I’ve had a few people ask for my take on self-publishing. I haven’t got a clue why; as somebody who’s never published anything, I’ve got zero personal experience to speak from, but it is something that I’m interested in. As an aspiring writer and editor, I feel like this is an area I should make some effort to understand, and so I did what I (almost) always do when faced with an interesting topic I have no expertise in. I turned to Twitter for some first-person accounts.
Lots of lovely people from the writing community came forward to share their take on self-publishing their work, and those who had first-hand experience of both routes also gave me some incredibly useful perspective on the differences between self-publishing and traditional publishing. I’ve organised the (detailed, wonderful) responses into some of the themes that emerged from them, and I’ve credited the people who helped me out at the bottom of this post.
Reasons for choosing self- or trad-publishing
Of the people that I spoke to, some had set out on the traditional route and changed their minds, some had gone all the way through with traditional publishing and some had always planned to self-publish. I wanted to know why people had gone for the paths they had.
A commonly cited reason for avoiding traditional publishing was a desire to retain control over the whole process, which makes a lot of sense. If you’re just working on your own, you won’t have anyone weighing on or disputing your first choice when it comes to deciding the title, cover, formatting, blurb, etcetera. This might sound great or, if you’re anything like me, it might sound totally terrifying. One author I spoke to, who has experience of both independent and traditional publishing, pointed out that having total control over every aspect of the book could also be a challenge. She enjoyed working with a publishing house for her fourth book, enabling her to hand over the reins and have a team of people sharing responsibility for all of those details.
Another element of the decision that came up more than once was marketing. Pretty much everybody I spoke to pointed out that publishing houses put almost zero money and effort into marketing unknown authors (and almost as little into better known ones in a lot of cases as well). With that in mind, going through an extensive query process to gain the seal of approval of a publisher seems a lot less useful to authors. The odds just don’t feel like they’re in your favour. One author mentioned that a vanishingly small number of new High Fantasy books were signed across the major publishing houses (five, two of which were by George R. R. Martin), so he knew from early on that he was going to go straight to self-publishing for his own High Fantasy series.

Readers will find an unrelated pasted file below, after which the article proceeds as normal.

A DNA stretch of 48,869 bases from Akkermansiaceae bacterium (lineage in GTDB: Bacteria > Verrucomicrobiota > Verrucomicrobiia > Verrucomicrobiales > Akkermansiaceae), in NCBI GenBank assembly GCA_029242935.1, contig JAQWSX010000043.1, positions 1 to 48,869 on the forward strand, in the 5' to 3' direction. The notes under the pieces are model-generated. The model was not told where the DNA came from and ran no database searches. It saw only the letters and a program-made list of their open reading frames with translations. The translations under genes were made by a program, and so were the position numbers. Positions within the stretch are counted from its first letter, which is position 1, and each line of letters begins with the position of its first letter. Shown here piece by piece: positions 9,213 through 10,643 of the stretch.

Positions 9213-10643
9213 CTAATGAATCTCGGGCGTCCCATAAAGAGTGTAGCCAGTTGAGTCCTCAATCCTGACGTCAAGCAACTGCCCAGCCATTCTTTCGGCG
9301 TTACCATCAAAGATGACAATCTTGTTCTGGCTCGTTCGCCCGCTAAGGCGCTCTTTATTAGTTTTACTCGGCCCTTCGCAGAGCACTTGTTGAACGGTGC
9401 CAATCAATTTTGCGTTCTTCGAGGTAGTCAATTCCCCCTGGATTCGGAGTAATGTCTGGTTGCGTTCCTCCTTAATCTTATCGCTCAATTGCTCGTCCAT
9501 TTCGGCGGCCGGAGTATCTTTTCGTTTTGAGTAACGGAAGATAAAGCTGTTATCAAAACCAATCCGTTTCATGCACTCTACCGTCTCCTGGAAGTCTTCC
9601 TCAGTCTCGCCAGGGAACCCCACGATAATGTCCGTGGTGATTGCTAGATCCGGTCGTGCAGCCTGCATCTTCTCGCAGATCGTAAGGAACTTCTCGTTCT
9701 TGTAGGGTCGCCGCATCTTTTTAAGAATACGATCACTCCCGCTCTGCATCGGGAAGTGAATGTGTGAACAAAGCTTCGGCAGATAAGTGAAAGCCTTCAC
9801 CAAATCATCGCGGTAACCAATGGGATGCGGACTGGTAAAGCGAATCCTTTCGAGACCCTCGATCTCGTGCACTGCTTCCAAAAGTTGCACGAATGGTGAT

About the process
I was fascinated by the beta reading and editing processes I heard about while researching this post. I think both beta reading and editing are extremely valuable (I thoroughly enjoyed Meg Trast’s guest post on the topic!) and I’m clearly not alone in that. One author told me about taking her story through multiple rounds of revisions with a range of audiences, including (crucially) an audience made up of her target readers. At various stages you’re going to want different types of feedback, from high-level plot and character analysis to fine-combing the work for spelling and grammar issues. In order to come out with a highly polished piece of work you’re going to need more than just your own eyes on it, that was unanimously agreed.
There were logistics that came up that I hadn’t considered before—the ISBN, for example. If you’re interested in your book being stocked by retailers, many of them can’t and won’t buy your book without an ISBN number, and these are only obtainable through specific places depending on the country you’re based in. In the UK, that’s the Nielsen ISBN store. In the US, Bowker.